The Hoosierist: How Bad is Indy's Traffic?

Gridlock, floods, and mayoral security details. Ask The Hoosierist.

Q: I hear more and more people complain about “traffic congestion” in Indianapolis. How bad is ours compared to other cities?
A: The Hoosierist, who has been trapped in both New York City and Los Angeles road snarls, thinks it’s cute when Indy residents complain about needing an extra 10 minutes to get from downtown to Fishers during the evening “rush.” The Global Traffic Congestion Index, compiled by the navigation and mapping company TomTom, shows just how easy we have it. Of the 174 major cities on its congestion list, Indy comes in 171st. In Mexico City, the world’s worst, the average trip takes 59 percent longer than it would if the streets were empty, and twice as long during rush hours. In Indianapolis, however, traffic typically stretches a trip by only 10 percent—a number that has dropped 3 percent over the last year. Chronic congestion? More like a mild case of the sniffles.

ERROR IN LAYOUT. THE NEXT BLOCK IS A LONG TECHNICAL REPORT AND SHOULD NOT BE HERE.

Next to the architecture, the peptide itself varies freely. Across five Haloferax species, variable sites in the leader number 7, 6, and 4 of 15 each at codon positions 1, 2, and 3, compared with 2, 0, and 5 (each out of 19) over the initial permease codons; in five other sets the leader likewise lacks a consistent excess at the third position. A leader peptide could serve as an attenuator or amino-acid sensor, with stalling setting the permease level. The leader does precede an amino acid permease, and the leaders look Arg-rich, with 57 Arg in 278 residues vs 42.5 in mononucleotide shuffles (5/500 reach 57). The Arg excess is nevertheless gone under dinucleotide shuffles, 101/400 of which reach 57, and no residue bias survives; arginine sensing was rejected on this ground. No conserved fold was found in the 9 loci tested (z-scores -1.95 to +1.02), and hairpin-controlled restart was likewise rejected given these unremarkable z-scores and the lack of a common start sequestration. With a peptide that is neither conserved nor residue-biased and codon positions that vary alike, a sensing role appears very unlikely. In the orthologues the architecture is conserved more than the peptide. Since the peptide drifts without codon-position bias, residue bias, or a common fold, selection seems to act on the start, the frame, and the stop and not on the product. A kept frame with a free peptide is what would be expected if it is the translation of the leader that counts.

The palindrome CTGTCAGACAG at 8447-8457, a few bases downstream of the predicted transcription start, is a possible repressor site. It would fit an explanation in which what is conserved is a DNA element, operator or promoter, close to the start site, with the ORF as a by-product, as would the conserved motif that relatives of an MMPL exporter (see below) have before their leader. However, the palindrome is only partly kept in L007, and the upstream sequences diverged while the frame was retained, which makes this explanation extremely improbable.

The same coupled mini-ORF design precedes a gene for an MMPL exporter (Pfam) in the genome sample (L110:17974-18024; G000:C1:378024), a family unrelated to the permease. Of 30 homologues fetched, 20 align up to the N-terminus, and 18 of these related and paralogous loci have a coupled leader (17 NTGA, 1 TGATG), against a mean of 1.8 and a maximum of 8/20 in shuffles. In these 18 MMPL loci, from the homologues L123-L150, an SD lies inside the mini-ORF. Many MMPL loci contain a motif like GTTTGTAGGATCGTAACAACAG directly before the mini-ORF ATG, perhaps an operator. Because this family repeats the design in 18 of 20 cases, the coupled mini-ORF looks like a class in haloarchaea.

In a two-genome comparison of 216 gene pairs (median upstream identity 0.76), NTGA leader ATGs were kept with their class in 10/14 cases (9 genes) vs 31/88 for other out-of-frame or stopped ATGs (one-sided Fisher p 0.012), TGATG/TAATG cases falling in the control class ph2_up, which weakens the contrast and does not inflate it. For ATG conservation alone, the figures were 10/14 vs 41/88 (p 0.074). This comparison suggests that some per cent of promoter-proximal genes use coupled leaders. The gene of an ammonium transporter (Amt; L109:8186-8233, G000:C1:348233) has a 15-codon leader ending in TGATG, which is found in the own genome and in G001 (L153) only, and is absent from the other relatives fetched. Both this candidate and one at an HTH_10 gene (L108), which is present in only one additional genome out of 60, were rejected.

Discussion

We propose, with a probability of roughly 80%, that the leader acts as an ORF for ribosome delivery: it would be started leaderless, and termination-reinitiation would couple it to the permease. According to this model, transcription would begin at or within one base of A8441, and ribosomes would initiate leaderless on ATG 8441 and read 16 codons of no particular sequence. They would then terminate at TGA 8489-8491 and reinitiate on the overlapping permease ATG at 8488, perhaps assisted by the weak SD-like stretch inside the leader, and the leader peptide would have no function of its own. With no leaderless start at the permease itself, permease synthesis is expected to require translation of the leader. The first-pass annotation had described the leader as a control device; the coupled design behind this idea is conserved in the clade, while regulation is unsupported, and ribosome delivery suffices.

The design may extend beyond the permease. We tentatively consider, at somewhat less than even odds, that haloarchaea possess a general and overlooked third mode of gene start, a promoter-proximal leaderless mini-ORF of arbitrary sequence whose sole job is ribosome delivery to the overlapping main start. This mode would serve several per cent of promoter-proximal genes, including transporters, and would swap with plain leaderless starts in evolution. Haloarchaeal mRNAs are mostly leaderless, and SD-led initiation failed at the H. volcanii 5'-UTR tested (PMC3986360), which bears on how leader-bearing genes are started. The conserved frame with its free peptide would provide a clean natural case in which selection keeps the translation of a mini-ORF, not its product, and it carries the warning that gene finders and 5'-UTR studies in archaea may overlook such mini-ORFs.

Q: In the early 1900s, Indy faced huge, damaging floods. Is the city still vulnerable to that?
A: Let’s just say the people in Rocky Ripple aren’t the only ones who might want to pay attention to those TV flood insurance commercials. On the bright side, we haven’t faced a big flood since 1913, when a spring deluge submerged much of the city. The bad news is that, in spite of a century of flood control efforts, it could happen again. “The levees we’ve built were done with 1913 in mind, so there’s increased protection from them,” says Dave Knipe, engineering section manager for the Indiana Department of Natural Resources. “But if something like that happened today, you’d certainly have a lot of damage.” Mostly because Indy is far larger, which means there’s more stuff for all that water to ruin.
Q: Does our mayor have a security detail? I never see one around him.
A: Though Mayor Joe Hogsett isn’t constantly surrounded by a posse of dudes in black sunglasses like the president (or Dr. Dre), you’ll sometimes find him accompanied by an Indianapolis Metropolitan Police Department officer specially trained to protect dignitaries. Not that Hogsett is the easiest person to protect—or even keep tabs on. “He is notorious for not using the officers as often as they would like,” says the mayor’s communications director, Taylor Schaffer. For instance, Hogsett is in the habit of going out alone for runs at odd hours in downtown neighborhoods. “At one event, a woman told the officer with the mayor that she doesn’t usually see him with a detail,” Schaffer says. “She thought it was cool that he was out in the streets at all hours by himself. I thought the officer’s head was going to explode.”
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